A Washington-based foundation has teamed up with a controversial local company to propose a radical change in the way Florida deals with the destruction of its sea grass beds.
The proposal from the Ocean Foundation says that anyone who needs to destroy sea grass — say, for a new marina — could make up for the damage by writing a check to the foundation. Then the foundation would hire a contractor — most likely Seagrass Recovery of Indian Rocks Beach — to repair sea grass beds that have been scarred by boaters.
Foundation president Mark Spalding predicted this approach could bring in "billions of dollars every year" for sea grass, but the proposal has already hit some rough waters:
• The foundation has undertaken only one previous sea grass restoration project — financed by Absolut Vodka — and officials say they don't know yet whether it worked. The foundation's claim that it completed a second project, this one in the Tampa Bay area, turns out to be false.
• Critics say Seagrass Recovery's methods have yet to show any verified success, and question how fixing damaged sea grass beds can count as making up for wiping out other beds.
• The foundation has already had to backpedal from a claim that the state's top sea grass expert is working with it.
Margaret "Penny" Hall, sea grass administrator for the state's Fish and Wildlife Research Institute in St. Petersburg, said she had one five-minute phone call with a foundation official several months ago, so she was stunned this month to see her name included in a public notice about the foundation's federal permit application. The Ocean Foundation had listed her as someone who would be helping evaluate sea grass restoration sites around the state.
"It looks as if we're on board, and we haven't even had a chance to review it," she said.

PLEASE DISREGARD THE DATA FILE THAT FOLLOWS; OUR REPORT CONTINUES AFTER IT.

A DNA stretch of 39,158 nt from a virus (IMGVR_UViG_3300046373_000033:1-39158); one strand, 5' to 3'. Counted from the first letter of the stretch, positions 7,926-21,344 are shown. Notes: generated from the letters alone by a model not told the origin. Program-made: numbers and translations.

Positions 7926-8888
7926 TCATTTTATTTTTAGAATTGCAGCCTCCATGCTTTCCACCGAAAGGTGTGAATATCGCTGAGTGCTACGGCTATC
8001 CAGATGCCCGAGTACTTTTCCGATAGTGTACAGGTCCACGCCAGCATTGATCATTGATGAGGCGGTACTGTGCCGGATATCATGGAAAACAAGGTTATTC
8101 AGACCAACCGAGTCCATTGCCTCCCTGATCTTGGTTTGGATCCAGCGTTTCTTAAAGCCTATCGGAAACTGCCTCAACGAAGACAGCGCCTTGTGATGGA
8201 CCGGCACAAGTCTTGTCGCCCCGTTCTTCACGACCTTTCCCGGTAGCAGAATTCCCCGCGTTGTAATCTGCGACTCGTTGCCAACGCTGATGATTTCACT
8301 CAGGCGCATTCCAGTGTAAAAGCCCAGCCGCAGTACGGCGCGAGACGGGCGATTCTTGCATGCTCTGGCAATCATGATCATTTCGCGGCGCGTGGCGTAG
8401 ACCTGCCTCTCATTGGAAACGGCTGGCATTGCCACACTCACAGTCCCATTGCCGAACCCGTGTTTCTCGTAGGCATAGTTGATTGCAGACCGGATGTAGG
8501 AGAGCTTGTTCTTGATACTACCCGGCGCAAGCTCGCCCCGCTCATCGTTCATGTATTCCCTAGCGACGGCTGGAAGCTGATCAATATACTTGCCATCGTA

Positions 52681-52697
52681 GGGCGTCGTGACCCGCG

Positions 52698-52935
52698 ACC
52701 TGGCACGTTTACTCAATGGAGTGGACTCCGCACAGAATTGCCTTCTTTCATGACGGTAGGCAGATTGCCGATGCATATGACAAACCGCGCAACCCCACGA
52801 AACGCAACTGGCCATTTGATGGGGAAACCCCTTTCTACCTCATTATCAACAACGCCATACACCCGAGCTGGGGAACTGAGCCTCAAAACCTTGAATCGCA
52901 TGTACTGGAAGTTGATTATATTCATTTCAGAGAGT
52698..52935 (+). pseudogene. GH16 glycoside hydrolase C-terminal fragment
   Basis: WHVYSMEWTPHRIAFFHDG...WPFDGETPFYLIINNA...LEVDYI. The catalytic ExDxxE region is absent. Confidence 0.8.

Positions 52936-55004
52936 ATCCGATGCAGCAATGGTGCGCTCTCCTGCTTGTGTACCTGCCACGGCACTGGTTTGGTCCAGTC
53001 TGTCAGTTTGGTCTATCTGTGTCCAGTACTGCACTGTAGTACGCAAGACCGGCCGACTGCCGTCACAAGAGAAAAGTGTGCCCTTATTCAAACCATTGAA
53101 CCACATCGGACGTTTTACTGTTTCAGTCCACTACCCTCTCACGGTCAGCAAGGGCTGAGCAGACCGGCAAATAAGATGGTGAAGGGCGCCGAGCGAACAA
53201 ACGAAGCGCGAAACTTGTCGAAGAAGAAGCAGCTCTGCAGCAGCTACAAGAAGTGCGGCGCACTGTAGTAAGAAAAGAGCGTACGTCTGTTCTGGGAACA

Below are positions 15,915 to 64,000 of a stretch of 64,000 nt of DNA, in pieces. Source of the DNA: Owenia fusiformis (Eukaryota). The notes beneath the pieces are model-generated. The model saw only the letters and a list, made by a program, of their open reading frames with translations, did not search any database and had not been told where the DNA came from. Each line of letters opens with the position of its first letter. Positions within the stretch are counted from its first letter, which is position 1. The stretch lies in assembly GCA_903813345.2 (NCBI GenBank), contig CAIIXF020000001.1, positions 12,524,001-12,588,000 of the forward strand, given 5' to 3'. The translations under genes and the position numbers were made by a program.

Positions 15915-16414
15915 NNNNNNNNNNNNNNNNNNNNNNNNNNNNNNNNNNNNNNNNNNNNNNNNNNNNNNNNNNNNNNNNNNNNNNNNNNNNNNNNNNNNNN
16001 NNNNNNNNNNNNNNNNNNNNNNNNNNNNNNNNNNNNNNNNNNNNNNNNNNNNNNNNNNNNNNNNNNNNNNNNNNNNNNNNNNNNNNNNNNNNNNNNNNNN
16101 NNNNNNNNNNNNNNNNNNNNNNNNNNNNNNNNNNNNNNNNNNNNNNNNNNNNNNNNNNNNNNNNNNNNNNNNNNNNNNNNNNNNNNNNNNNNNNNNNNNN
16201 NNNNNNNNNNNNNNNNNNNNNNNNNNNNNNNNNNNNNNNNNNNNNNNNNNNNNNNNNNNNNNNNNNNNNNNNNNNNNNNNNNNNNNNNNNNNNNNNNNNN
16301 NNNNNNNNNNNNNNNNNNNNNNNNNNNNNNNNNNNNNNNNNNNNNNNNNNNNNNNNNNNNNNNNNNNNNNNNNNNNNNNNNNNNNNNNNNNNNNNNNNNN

She wasn't alone. The public notice, sent out Dec. 8 by the U.S. Army Corps of Engineers, also mentions that the director of the University of South Florida's Institute of Oceanography, John Ogden, sits on the foundation's board of advisers.
Ogden said that while he does sit on that board, when it comes to the sea grass restoration project, "I have reviewed nothing."
"My bad," Spalding said. He said he had erred on the side of being as specific as possible about his foundation's plans. The Corps has now sent out a revised public notice that does not mention Hall, although Ogden's name still appears.
Nevertheless, Spalding remains optimistic about the Corps approving his proposal, which experts say could be the first of its kind in the nation. Soon, he said, it could begin providing a way to make up for sea grass damage caused by everything from new marina construction to offshore oil drilling — although Spalding said he wouldn't be too happy about that one.
"There are going to be some kinds of projects that don't smell good," he said.
Florida currently has 2 million acres of sea grass beds, more than any other state. A survey in the mid 1990s found that 173,000 acres were scarred by boat propellers that hit bottom.